Talk

Advanced search

Our offer has been turned down

(9 Posts)
fruitstick Sat 15-Aug-09 20:55:30

We have put an offer in today on a house which is actually owned by the estate agent.

It is on the market for offers over what he paid for it in July 2006 - he has done no work to it.

We offered 10% below that, which reflects what the market has done since.

He's turned it down as he says the market went up 20% after he bought it, and has come back down 10, so it's still worth 10% more than he paid for it.

His tenants move out next week and we are renting with no chain.

He is an idiot, but it is a lovely house.

Grrrrrr

HouseHunting Sat 15-Aug-09 20:59:29

Ugh I am sorry to hear that - the EA we have sold through has just put his house on the market & we are astonished at the asking price. Are you far away from what he wants? Good luck, I hope you get the house

rebl Sat 15-Aug-09 21:21:03

Sounds like a difficult one. I would just go back and ask what is the minimum that he would accept. That puts the ball firmly in his court and forces his hand. When he comes back don't forget he'll probably have added a little bit on for good measure on top of his minimum so I would then offer to meet him half way between your original offer and his minimum.

TheDailyMailHatesWomenAndLemon Sat 15-Aug-09 21:23:40

I'd just tell him that your existing offer still stands, that you have no chain, and that he knows where you are when he wants to sell. Then walk away until he calls you.

MaggieBeauLeo Sat 15-Aug-09 21:26:41

yes, walk away. Maybe in 3 months if it's still there, offer him 5k LESS!!

fruitstick Sat 15-Aug-09 21:41:51

He won't take less than the asking price, which was the 2006 sale price.

He appears so own lots of properties which he bought at around the same time, a couple of which are also on the market. I think he is massively over exposed and trying to claw back what he can.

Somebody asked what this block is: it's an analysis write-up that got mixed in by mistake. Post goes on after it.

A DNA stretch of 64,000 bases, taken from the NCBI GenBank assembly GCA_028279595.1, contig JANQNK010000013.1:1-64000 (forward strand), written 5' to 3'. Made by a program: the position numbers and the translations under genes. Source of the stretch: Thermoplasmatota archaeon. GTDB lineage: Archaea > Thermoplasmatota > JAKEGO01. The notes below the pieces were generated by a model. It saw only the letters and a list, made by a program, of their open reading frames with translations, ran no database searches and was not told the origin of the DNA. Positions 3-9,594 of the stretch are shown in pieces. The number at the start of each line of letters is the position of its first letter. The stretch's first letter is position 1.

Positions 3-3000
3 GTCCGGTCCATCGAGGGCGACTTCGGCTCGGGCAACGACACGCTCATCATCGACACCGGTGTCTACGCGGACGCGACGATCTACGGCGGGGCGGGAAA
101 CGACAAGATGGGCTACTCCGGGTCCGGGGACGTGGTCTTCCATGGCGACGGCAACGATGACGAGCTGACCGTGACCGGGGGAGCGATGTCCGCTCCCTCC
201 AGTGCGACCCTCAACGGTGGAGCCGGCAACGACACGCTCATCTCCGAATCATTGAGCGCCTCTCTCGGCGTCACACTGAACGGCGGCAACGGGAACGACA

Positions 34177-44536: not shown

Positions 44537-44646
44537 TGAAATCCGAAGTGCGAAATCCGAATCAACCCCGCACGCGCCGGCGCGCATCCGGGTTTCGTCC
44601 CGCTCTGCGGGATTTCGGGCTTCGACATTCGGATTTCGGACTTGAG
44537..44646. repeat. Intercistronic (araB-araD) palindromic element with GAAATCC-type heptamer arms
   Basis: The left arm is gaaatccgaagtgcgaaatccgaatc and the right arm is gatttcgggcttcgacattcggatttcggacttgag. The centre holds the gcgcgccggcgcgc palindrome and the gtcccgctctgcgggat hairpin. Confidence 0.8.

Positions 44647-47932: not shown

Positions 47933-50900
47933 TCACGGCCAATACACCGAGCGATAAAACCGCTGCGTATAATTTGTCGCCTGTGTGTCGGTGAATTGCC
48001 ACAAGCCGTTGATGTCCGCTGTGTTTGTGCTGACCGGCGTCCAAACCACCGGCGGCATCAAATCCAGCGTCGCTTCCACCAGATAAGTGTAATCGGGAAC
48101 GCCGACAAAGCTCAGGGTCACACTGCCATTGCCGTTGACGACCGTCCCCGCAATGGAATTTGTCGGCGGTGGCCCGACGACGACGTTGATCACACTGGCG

We have told him our lease expires on 1st October so we are keen to move quickly.

Hopefully once he gets through his first month of mortgage payments with no tenant it will focus his mind a little!

NoseyHelen Sat 15-Aug-09 22:33:40

I knew when I saw the title that the offer would be 10% below asking price.

The vendor is under no obligation to let you have it for less than the asking price. It is his loss if he fails to sell at that price.

I can't see why anyone complains that a below asking price offer is declined. If I went into a shop and saw a dress priced £100 I would either pay £100 or walk away. I wouldn't ask to have it for £90.

In this situation I'd just leave the offer on the table - he can come back to you if/when he realiss that your price is fair.

fruitstick Sat 15-Aug-09 22:36:28

Noseyhelen you are right, except that of course when you buy a dress there is not an 'asking price', there is just a price. You are not invited to offer.

It's just annoying that he is an estate agent and completely refusing to accept what has happened to the market.

It's immaterial really as our offer was the maximum we can afford so it really is up to him.

Was just whinging that we still can't find a house really blush

NoseyHelen Sat 15-Aug-09 22:39:30

I understand where you are coming from. We accepted a below value (in our view) offer on our house and are paying more than the valuation (and our budget) on our new house and the vendor keeps saying he's doing us a favour - grrr!

EA's always over value houses - I'm surprised he's done it with his own though.

Join the discussion

Join the discussion

Registering is free, easy, and means you can join in the discussion, get discounts, win prizes and lots more.

Register now